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Ghaffar Haji Shakoor Vs. S.M. Saeed - Court Judgment

LegalCrystal Citation
SubjectTenancy
CourtKolkata High Court
Decided On
Case NumberA.F.O.D. Nos. 215 and 221 of 1970
Judge
Reported inAIR1974Cal83,77CWN648
ActsWest Bengal Premises Tenancy Act, 1956 - Section 13 and 13(2); ;West Bengal Premises Tenancy (Amendment) Act, 1969
AppellantGhaffar Haji Shakoor
RespondentS.M. Saeed
Appellant AdvocateSatyendra Prosad Sen and ;Md. Quasimuddin Ashka, Advs. in F.A. No. 215 of 1970, ;Satyendra Prosad Sen and ;Chitta Ranjan Das, Advs. in F.A. No. 221 of 1970
Respondent AdvocateC.C. Ganguly, ;Kshtra Mohan Chatterjee and ;Nirmala Kumari Chaturvedi, Advs.
Cases ReferredR. v. Wilcock
Excerpt:
- m.m. dutt, j.1. these two appeals are at the instance of the defendants and they arise out of a suit for eviction on the grounds of default in payment of rent, subletting of the suit premises and reasonable requirement of the plaintiff of the suit premises for his own use and occupation.2. the case of the plaintiff is that the plaintiff is the owner of premises no. 15, zakaria street, calcutta. the defendant no. 1 had been a monthly tenant under the plaintiff in respect of twelve rooms numbered as rooms nos. 10 to 21 in the first floor of the said premises at a monthly rent of rs. 190/- payable according to the english calendar month. the defendant no. 1 has renumbered the said rooms as rooms nos. 10 to 14, 15 and 15-a to 20. the tenancy of the defendant no. 1 was terminated by a notice.....
Judgment:

M.M. Dutt, J.

1. These two appeals are at the instance of the defendants and they arise out of a suit for eviction on the grounds of default in payment of rent, subletting of the suit premises and reasonable requirement of the plaintiff of the suit premises for his own use and occupation.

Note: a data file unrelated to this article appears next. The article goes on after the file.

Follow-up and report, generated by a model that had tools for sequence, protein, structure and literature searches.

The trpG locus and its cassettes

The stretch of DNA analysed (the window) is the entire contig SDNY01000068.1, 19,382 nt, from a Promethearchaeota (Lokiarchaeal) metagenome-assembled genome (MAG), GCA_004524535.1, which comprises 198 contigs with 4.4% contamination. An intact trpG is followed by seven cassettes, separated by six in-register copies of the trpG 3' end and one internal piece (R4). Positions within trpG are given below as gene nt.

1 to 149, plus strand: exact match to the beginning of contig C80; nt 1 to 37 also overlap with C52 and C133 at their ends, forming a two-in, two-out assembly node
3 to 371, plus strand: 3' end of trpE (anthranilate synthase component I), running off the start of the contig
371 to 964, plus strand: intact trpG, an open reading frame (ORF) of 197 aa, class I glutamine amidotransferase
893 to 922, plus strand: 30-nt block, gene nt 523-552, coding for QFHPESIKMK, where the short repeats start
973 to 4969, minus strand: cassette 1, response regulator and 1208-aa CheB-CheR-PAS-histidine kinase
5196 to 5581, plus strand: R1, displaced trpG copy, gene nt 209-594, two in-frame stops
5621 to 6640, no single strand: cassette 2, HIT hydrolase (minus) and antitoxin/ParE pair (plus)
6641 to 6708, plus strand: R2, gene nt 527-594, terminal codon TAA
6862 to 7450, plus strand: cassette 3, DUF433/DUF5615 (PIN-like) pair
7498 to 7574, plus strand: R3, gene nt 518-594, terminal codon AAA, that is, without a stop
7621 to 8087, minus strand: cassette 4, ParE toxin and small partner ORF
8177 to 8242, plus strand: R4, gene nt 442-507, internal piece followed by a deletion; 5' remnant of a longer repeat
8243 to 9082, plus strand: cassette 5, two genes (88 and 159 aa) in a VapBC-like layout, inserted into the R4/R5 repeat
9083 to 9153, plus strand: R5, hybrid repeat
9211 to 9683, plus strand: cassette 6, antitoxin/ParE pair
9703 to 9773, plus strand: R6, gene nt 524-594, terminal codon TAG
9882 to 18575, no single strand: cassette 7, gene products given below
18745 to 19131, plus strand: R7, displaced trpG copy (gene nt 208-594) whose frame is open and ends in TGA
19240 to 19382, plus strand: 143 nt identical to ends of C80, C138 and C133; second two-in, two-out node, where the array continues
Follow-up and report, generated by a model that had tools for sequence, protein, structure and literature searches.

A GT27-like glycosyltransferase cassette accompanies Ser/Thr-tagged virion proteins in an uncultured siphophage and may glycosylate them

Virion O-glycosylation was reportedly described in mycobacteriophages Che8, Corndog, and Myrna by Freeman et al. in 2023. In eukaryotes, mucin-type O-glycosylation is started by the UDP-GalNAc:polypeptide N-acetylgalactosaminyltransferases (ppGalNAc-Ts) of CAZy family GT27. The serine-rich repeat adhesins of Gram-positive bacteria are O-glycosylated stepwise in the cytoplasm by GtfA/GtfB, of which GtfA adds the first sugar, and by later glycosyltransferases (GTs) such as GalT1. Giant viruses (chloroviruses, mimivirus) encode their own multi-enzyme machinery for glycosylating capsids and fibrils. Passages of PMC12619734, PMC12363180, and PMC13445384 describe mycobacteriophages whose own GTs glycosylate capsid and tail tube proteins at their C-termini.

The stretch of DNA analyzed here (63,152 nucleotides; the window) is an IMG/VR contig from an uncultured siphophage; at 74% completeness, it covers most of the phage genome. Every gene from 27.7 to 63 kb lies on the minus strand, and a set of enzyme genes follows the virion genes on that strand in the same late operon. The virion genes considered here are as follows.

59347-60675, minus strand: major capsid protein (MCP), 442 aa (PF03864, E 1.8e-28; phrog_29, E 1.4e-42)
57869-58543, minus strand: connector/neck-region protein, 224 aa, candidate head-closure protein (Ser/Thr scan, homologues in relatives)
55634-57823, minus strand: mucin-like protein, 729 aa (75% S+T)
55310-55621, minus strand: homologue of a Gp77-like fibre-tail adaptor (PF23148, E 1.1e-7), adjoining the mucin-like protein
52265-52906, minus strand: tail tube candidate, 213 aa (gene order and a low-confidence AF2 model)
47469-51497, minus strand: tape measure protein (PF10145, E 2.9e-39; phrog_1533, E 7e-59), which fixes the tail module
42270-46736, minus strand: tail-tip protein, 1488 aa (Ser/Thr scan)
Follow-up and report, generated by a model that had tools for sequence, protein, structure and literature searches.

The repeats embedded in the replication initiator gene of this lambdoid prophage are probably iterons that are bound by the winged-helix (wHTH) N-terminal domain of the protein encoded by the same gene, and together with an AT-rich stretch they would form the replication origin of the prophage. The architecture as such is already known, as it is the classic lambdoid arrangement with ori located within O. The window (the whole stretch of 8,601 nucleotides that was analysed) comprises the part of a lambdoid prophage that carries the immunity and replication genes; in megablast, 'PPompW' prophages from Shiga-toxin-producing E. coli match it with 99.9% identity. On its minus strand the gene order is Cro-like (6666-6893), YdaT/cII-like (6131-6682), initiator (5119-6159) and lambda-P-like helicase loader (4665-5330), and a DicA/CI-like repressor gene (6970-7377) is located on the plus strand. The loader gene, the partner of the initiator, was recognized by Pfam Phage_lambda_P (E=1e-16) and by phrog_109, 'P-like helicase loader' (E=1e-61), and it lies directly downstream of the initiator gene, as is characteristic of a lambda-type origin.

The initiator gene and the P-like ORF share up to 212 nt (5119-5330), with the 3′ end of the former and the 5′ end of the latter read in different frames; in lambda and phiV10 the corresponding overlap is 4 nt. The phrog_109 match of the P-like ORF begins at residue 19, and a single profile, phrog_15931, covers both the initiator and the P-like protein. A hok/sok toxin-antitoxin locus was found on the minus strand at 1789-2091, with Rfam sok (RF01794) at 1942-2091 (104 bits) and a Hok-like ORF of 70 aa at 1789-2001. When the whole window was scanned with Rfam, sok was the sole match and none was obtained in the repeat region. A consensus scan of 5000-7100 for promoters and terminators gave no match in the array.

2. The case of the plaintiff is that the plaintiff is the owner of premises No. 15, Zakaria Street, Calcutta. The defendant No. 1 had been a monthly tenant under the plaintiff in respect of twelve rooms numbered as rooms Nos. 10 to 21 in the first floor of the said premises at a monthly rent of Rs. 190/- payable according to the English Calendar month. The defendant No. 1 has renumbered the said rooms as rooms Nos. 10 to 14, 15 and 15-A to 20. The tenancy of the defendant No. 1 was terminated by a notice to quit dated February 20, 1967. It is alleged that the defendant No. 1 has sublet and/or transferred the suit premises to the defendants Nos. 2 to 5 who had given notices under Section 16 (2) of the West Bengal Premises Tenancy Act, 1956. The plaintiff, however, contends that the said notices were not legal and valid notices. It is further alleged that after the passing of the West Bengal Premises Tenancy Act, 1956, the defendant No. 1 sublet or transferred the suit premises to the following persons without the knowledge and consent of the plaintiff:--

(1) Calcutta Memon Jamat, (2) Som Still Co., (3) Adambhai Hazi, (4) Zakaria Shariff and (5) Calcutta Young Memon Association. As to the ground of default, it is alleged that the defendant No. 1 is a defaulter in payment of rent since April 1967.

3. The further case of the plaintiff is that the present residence of the plaintiff in the rented fiat at 191, Park Street, Calcutta is quite insufficient for the accommodation of the plaintiff and the members of his family. It is alleged that the said flat consists of two bed rooms and one dining room. The family of the plaintiff consists of himself, his wife, three grown-up sons, one unmarrieddaughter and one married daughter. One of the sons of the plaintiff is an Advocate and the other two are medical students of the second year and the fourth year. The plaintiff contends that he reasonably requires the suit premises for the residence of himself and the other members of his family for bed rooms, chambers, store rooms, kitchens, drawing room, dining room and one parlour. Upon the aforesaid allegations, the plaintiff instituted the suit for the eviction of the defendants.